Forex broker trade against you
When you trade on a market maker's rate they are forex broker trade against you the risk into their own book. The purpose being to facilitate client's business and offer the best possible spreads - see our blog on why dealing direct with the market maker is the best option for trading FX - but some of our broker competitors have propagated the idea that market makers 'trade against you'.
The suggestion is obviously that you should trade with them. The difficulty there is that, if they are acting exclusively as a broker and taking no risk, they need to pass the risk directly on to someone who will i. So the risk generally ends up with a market maker anyway AND with an additional layer of cost. But the idea is out there, so let's have a close look at it. First lets look at why market makers take risk on to their books. A market maker publishes a continuous two way rate, allowing clients to trade at the time of their choosing.
Assume a market maker has a number of clients. Client one sells to the market maker, thinking the market goes down. The market maker could at this point turn around and sell to the market, as a broker would.
But then he cannot profitably show the market rate - buying from his client at the market rate and then selling at the same rate doesn't create a sustainable business, one that can continue to add value to its forex broker trade against you.
If the market maker takes client one's forex broker trade against you into his book, there is now a window in which another client may show up and buy on the other side of the spread. That is why market makers take risk into their books - it is to open a window in which buyers and sellers can match off across time, allowing the market maker to capture spread as compensation for providing their service, and show a better rate than brokers.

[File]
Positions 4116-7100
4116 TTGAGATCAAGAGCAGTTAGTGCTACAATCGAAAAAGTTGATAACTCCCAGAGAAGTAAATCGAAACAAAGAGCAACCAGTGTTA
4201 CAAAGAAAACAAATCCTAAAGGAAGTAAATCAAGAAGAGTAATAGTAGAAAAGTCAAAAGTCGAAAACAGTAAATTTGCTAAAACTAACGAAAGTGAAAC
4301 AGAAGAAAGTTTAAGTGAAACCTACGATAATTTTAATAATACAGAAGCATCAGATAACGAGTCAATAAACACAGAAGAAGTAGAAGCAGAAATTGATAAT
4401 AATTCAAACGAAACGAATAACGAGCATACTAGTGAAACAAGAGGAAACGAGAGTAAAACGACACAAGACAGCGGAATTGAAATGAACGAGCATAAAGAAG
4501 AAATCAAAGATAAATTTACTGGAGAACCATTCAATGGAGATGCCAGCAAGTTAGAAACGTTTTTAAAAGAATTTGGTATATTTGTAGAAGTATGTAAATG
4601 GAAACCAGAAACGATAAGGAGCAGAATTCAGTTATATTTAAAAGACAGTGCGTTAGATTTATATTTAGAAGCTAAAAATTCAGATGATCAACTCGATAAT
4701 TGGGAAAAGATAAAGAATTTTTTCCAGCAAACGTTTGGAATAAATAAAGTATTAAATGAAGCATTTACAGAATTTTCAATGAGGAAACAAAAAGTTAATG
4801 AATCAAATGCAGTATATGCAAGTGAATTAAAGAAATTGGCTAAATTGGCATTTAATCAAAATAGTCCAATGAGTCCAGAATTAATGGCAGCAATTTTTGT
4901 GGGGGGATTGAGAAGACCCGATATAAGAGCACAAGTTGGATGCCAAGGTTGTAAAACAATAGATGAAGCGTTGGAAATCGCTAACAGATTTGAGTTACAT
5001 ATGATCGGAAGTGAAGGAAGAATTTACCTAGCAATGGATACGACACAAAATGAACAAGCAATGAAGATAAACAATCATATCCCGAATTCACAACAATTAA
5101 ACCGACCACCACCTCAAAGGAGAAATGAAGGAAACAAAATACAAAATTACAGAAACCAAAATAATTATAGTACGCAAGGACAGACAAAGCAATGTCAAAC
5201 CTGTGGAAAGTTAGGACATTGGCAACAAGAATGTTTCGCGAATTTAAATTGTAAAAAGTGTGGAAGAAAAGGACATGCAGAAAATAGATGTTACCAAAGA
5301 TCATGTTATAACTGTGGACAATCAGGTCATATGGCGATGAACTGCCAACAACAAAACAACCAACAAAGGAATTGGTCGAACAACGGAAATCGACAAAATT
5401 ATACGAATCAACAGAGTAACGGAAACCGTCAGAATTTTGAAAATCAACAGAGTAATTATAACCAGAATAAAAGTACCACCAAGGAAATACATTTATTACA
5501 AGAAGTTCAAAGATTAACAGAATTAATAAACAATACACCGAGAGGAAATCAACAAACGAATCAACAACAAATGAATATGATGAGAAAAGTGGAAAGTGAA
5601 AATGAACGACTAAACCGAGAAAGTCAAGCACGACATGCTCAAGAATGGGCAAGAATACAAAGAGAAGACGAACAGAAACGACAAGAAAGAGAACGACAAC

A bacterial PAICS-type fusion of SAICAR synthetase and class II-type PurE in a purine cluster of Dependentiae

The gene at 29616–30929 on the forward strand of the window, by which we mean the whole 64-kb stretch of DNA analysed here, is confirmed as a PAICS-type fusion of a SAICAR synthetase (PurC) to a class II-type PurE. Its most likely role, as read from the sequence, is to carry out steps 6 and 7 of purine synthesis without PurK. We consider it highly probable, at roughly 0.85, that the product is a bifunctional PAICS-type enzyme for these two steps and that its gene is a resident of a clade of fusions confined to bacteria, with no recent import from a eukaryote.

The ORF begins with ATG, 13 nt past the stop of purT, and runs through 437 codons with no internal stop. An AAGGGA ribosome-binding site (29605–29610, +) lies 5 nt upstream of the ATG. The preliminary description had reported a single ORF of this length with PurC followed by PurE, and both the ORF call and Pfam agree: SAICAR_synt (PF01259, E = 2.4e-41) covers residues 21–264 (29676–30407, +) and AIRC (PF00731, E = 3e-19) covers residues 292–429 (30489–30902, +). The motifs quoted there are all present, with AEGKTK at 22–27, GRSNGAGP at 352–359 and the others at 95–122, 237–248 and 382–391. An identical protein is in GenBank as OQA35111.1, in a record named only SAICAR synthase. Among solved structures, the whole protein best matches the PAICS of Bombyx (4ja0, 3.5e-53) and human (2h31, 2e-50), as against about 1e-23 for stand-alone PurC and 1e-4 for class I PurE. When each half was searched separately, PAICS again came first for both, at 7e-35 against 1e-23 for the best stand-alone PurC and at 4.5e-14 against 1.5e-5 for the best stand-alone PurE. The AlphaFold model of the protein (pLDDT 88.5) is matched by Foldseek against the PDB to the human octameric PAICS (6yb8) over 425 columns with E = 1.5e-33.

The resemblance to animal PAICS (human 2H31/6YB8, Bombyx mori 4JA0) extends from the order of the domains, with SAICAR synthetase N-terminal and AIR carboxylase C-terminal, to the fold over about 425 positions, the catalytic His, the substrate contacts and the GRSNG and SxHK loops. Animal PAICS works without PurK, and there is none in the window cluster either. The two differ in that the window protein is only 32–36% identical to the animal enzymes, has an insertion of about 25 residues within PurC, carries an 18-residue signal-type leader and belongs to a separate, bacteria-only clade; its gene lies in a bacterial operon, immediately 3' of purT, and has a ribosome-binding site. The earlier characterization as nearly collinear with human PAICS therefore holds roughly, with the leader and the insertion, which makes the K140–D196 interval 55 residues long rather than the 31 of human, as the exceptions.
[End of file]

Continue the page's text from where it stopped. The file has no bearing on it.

It isn't to trade 'against' their clients. Let's look a little more closely at the period between clients one and two trading. If there is anything that gives the 'trading against' nostrum its superficial appeal, it is this period where the market maker is long and the client is short. Surely forex broker trade against you is zero sum? If the market goes up the market maker wins and the client loses, and vice versa. Surely the market maker is trading against client one?
The market maker temporarily has an opposing forex broker trade against you from facilitating client ones ability to trade on the best rate. But he is not married to it. He would like to see another client show up or a passive hedging order fill as soon as possible after client one trades to neutralise his risk.
And so we come to the issue of horizon. Differing horizons - or holding periods - is what makes the relationship between market makers and their clients work, and gives the lie to the idea of trading against clients.
Different parties can win to a trade, so long as they have forex broker trade against you holding periods. So the client is short and the market maker long at The market maker is then paid three minutes later at 21 on a passive order. Client one buys back his short, forex broker trade against you two pips. The market maker earned his spread and the client was right about the market's direction and locked in his profit.
So the market maker and client can in fact have a symbiotic relationship, and the market maker can facilitate the clients ability to express his trading ideas without the layers of costs of any of the alternatives. Don't have an account? MahiFX does not provide investment advice or recommendations, and no material on this site should be construed as such. Opinions are those of the authors and not necessarily those of MahiFX, its officers or directors.
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